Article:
When Will Emergency Rooms Go Back to Being Emergency Rooms?

The University of Chicago hospital made headlines this week when it was criticized by the American College of Emergency Physicians for a plan that tries to get non-emergency patients out of its emergency room.

I’ve been fortunate to have only made one visit to the University of Chicago emergency room in the five years I’ve lived in Hyde Park. My youngest daughter Sophie was the reason for the visit. What had seemed like a run-of-the-mill kid’s illness had taken a turn for the worse. She had become extremely lethargic. She wouldn’t eat or drink and she had been vomiting, so we figured she was likely dehydrated. I took her to the University of Chicago emergency room at about 9 a.m. on a Sunday morning.

My visit started like most other visits to emergency rooms. When we arrived, there must have been 30 people in the waiting room. All of them were African-American. I filled out some paperwork and waited for the triage nurse to call my name to hear Sophie’s symptoms. At least half an hour passed and nothing had happened. I’m not usually very aggressive, but Sophie was looking worse and worse. So I went to the triage nurse and tried to do anything I could to see a doctor. I started by describing a set of symptoms that sounded like meningitis, even though she didn’t have all those symptoms. The nurse seemed unmoved. I then told her I had a son who died of meningitis. That definitely got her attention; but when she asked when he had died, and I said five years ago, she was much less impressed.

I guess she originally thought I meant he had died yesterday of meningitis. I told her that Sophie had become nonresponsive (and Sophie complied, staring off into space absently). I told her I was a professor at the university. I told her I would get my pediatrician on the phone. I’m not sure which of these strategies actually worked (I think it was being a professor), but within 10 minutes I was in to see a doctor. It turned out Sophie was badly dehydrated. They put an IV in her and she sprung to life. Our visit still took four to five hours. As we left, I was shocked to see that most of the people sitting in the waiting room when I arrived were still in the exact same spot, not yet having seen a doctor.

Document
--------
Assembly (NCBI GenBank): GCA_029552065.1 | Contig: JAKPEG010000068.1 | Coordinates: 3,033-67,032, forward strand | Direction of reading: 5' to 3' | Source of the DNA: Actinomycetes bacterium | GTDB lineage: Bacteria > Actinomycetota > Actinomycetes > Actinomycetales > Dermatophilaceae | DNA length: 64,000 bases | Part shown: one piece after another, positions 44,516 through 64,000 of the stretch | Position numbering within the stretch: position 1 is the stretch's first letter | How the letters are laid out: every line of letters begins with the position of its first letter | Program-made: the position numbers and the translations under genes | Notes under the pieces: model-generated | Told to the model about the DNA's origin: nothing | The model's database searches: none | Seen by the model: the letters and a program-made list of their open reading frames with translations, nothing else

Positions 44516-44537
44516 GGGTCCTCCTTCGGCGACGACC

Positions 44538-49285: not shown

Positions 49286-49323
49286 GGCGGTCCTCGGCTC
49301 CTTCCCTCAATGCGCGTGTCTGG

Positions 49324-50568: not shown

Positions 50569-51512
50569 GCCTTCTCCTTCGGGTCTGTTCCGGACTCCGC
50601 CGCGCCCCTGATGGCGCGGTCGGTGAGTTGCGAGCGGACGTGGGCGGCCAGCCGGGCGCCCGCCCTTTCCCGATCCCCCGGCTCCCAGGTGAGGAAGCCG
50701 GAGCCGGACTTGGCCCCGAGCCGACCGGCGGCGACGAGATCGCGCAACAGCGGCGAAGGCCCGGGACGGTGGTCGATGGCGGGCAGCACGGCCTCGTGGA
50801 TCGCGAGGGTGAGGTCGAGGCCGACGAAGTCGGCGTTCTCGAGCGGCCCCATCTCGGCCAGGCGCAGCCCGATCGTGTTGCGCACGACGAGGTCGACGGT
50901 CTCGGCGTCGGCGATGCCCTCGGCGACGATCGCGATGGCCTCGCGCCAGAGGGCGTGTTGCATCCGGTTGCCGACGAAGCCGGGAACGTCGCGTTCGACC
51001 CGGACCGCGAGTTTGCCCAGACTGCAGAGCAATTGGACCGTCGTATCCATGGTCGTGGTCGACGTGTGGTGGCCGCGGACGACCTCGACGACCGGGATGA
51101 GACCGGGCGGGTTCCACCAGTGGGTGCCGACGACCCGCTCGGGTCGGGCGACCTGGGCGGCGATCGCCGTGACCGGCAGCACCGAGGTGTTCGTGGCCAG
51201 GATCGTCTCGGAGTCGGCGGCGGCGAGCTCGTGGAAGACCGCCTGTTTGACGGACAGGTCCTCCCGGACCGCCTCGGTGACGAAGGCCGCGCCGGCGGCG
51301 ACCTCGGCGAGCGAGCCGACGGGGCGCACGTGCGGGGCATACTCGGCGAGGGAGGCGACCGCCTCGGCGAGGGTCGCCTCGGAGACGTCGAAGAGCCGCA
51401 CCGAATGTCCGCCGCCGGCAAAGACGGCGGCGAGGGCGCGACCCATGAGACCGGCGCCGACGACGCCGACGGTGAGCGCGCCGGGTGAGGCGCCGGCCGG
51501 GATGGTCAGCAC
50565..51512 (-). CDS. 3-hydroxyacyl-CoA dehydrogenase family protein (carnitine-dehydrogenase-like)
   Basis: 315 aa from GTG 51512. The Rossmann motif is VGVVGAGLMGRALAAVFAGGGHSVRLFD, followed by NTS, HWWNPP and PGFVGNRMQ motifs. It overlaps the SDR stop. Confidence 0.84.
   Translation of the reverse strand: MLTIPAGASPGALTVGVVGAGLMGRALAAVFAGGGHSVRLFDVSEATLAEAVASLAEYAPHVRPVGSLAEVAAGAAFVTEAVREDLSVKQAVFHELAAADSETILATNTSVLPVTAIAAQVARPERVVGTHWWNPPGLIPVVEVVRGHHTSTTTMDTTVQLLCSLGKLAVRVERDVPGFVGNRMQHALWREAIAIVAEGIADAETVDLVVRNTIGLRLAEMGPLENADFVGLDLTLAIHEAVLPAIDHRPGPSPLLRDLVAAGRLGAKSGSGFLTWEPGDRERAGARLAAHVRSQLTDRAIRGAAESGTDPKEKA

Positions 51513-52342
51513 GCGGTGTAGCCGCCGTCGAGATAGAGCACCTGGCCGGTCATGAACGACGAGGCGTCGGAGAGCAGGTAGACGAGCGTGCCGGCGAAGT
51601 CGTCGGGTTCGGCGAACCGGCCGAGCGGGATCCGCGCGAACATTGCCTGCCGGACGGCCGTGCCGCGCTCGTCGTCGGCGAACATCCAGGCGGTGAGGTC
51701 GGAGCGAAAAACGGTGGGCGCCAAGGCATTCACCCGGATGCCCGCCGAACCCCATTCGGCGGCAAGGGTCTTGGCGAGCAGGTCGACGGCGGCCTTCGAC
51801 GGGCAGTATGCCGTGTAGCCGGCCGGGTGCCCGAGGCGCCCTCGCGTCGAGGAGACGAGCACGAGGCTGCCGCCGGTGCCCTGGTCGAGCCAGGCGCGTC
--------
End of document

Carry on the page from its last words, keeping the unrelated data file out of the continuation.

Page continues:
I don’t know the full history of emergency rooms, but I can’t imagine that the folks who designed them ever imagined they would turn out the way they have: a place where patients with no health care go to first wait six hours and then get routine care.

It is a system that makes no sense. If you read the description of what the University of Chicago hospital is trying to accomplish with its Urban Health Initiative that is being criticized, it does make sense.

Or you can do what my grandfather did and just avoid emergency rooms altogether. My grandfather was a doctor who practiced into his 80’s. I heard the following story from my father, so who knows what part of it is true, but this is how the story goes.

One day, while at home, my 80-something grandfather realized that he was likely having a stroke. He called in a prescription to the drugstore around the corner for some clot-busting drugs and sent my grandmother to the pharmacy to pick up the drugs. He crawled upstairs and got into bed. When my grandma got home, he took the drugs and just waited to see whether or not he would die. It turned out that he lived, with no noticeable side effects, which makes me wonder how true the story really is. One facet that I know is true, however, is that a man who spent 60 years of his life practicing medicine would do anything in his power to stay out of the hospital.

Leave A Comment

Comments are moderated and generally will be posted if they are on-topic and not abusive.



View All Comments »
  1. Eric says:

    “I don’t know the full history of emergency rooms, but I can’t imagine that the folks who designed them ever imagined they would turn out the way they have: a place where patients with no health care go to first wait six hours and then get routine care.